Sunday July 5, 2015 5:50 PM
As the summer heats up, so does the number of fights and domestic-violence incidents reported to Johnstown police.
Within the past two weeks, the department received nine reports of fights.
From January through May this year, police records show five assault charges were filed, compared to 10 filed in all of 2014 and 10 in 2013.
In 2013, 83 domestic-violence charges were filed in Johnstown; in 2014, that number increased slightly to 89.
Through May this year, 30 domestic-violence charges have been filed.
“You’d always like to see those numbers lower. I mean, with those numbers, that’s nearly two a week,” Chief Don Corbin said. “We’re not going to just immediately take someone to jail. We will try and offer them a solution. However, if the police are called to a situation, then we will do our job, which sometimes means filing charges.”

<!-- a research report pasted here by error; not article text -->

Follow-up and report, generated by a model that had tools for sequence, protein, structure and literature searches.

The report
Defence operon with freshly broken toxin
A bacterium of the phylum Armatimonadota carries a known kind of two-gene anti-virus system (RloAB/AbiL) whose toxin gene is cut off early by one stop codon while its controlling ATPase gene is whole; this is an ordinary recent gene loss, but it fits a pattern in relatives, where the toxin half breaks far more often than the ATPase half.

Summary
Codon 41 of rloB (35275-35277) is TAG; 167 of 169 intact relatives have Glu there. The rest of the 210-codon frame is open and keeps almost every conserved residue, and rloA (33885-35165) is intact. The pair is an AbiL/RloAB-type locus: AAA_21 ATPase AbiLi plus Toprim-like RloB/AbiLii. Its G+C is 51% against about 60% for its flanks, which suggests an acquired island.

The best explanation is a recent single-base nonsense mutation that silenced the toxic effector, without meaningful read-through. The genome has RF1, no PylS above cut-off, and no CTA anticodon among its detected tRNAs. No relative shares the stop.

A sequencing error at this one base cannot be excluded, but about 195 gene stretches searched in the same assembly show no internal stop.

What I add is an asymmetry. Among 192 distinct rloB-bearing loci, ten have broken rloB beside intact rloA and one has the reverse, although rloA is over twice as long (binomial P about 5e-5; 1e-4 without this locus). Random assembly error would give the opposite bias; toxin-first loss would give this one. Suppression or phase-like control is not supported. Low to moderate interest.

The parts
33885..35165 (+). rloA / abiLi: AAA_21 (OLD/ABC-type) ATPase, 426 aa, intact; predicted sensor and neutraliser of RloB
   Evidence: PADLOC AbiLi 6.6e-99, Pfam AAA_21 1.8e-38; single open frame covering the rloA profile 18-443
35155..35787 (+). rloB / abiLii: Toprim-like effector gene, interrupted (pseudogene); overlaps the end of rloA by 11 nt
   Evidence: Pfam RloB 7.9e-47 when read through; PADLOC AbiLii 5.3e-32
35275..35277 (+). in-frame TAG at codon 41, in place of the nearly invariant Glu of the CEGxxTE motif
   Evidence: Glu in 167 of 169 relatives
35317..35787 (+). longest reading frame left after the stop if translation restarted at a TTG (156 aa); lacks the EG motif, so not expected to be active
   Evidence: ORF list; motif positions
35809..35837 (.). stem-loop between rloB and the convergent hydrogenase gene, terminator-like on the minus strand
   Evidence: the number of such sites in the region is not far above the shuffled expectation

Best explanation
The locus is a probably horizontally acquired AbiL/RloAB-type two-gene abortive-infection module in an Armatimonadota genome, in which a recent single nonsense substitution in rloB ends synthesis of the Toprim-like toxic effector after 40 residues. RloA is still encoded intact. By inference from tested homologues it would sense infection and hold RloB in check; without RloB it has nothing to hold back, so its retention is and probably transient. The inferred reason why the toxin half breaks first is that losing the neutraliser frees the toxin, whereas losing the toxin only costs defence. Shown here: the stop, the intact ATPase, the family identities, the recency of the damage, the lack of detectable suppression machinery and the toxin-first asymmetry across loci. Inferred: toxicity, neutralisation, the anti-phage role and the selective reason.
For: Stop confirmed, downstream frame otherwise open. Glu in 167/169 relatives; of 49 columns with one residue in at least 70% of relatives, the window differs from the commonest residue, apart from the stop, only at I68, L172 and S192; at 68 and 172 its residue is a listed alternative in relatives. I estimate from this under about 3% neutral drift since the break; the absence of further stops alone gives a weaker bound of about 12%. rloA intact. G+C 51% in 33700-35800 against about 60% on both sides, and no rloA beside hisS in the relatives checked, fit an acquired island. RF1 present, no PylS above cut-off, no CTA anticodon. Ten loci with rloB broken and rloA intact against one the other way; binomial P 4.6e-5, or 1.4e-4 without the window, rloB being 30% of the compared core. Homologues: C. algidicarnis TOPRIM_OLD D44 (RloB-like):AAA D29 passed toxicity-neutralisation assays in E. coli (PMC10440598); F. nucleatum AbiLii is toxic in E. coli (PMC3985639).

Corbin said one reason the domestic-violence numbers are higher is because under state law, if there is evidence of a physical assault, the assailant should be charged.
With bar fights, for instance, the victim has the option whether to press charges.
The majority of fights Johnstown officers investigate involve alcohol or drug use by at least one of the participants, Corbin said.
“Seldom are both participants sober,” he said. “And that’s why a lot of fights happen in bars or parking lots of bars.”
In addition, he said, in the summertime, more people are out in nice weather, daylight lasts longer and, with hot weather, people are more likely to drink.
“Sometimes the heat can make people more irritable and they can be more quick to lose their temper,” he said.
Corbin said officers often see the same individuals over and over when they respond to calls.
“It seems to be 1 percent causing 90 percent of the problems,” he said. “We might see someone on Friday for a fight, Sunday for domestic violence and then on Wednesday for a theft investigation.”
A donor has agreed to give four body cameras to the police department, and officers have been testing their use for the past month, Corbin said.
“I think they are a great idea and are helpful, but we still have some legal questions to work out with using the video cameras,” he said.